Why October’s movies broke so many box office records

October brought in a bumper crop at the box office, with new releases breaking records and raking in profits. By October 28, domestic ticket sales totaled about $785 million, a record for October box office returns by a long shot — and there’s still three days left.

The previous domestic box office record for October was in 2014, when a month led by Gone Girl brought in $758 million. October 2015, topped by The Martian, is a distant third place, with $715.3 million.

This record-breaking month is even more notable in light of news that the nationwide average ticket price has dropped slightly in recent months, from $9.38 in the year’s second quarter to $8.83 in the third quarter. (The average ticket price in the third quarter of 2017 was $8.73.) Higher returns with slightly lower ticket prices translates to more sales overall, which means even more people were turning out to the theater.

Not only is this terrific news for the movie industry, which is always struggling to keep its head above water, it’s also a helpful illustration of the different factors that can contribute to box office success in a crowded release schedule.


Halloween

Halloween was one of the major winners at the box office in October.
Universal Pictures

Several movies contributed to October’s box office success

October’s record-breaking returns were the result of several movies performing well with audiences.

  • Sony’s Venom, starring Tom Hardy and based on the popular Marvel Comics property, was the No. 1 movie all month after releasing on October 5. It came roaring out of the gate with $80 million on its opening weekend — the biggest October movie opening in history. By the end of the month, it had more than doubled that, earning $187.3 million in North America and more than $500 million worldwide.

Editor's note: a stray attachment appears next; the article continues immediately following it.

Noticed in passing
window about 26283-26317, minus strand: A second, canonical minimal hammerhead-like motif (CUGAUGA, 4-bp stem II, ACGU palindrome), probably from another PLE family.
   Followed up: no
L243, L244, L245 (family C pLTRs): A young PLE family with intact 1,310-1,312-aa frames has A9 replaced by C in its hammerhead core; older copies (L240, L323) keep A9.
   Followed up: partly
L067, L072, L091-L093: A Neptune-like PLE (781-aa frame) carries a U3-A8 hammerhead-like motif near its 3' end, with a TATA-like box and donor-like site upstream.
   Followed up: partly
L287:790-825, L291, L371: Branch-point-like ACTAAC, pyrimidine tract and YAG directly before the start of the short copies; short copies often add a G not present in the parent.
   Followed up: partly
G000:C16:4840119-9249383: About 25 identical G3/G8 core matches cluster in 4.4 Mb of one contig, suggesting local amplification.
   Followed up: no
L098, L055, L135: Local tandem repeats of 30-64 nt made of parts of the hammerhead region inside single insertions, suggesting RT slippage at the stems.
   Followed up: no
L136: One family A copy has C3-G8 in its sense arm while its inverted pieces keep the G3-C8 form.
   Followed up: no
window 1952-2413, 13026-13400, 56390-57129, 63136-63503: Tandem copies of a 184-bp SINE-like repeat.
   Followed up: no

• A Star Is Born, Bradley Cooper’s directorial debut, also made much more money than expected after opening on October 5. Starring Cooper and Lady Gaga, the musical melodrama — the third remake of a Hollywood classic — made $41.25 million on its opening weekend and delivered an “A” Cinemascore, indicating that its word of mouth would be strong. By the end of the month, it made almost $149 million in domestic ticket sales, with a global box office return of $253 million.
  • The new 11th entry in the Halloween franchise was a monster hit, making $126 million in North America in just 10 days of release. (And all that on a production budget of $10 million.) It opened strong abroad as well; globally, it’s made $172 million and is currently the No. 1 film internationally. As star Jamie Lee Curtis noted on Twitter, the film’s massive opening weekend was the biggest horror movie opening with a female lead, the biggest movie opening with a female lead over 55, the second-biggest October movie opening ever, and the biggest opening for a Halloween movie ever.
  • In a surprise showing, Suspiria — Luca Guadagnino’s remake of Dario Argento’s 1977 dance horror cult classic — came out strong after opening on only two screens, one in New York and one in Los Angeles, on October 26. It made a whopping $89,903 per screen, the highest per-screen average this year, and its distributor Amazon is planning a big rollout in the first weekend in November in response.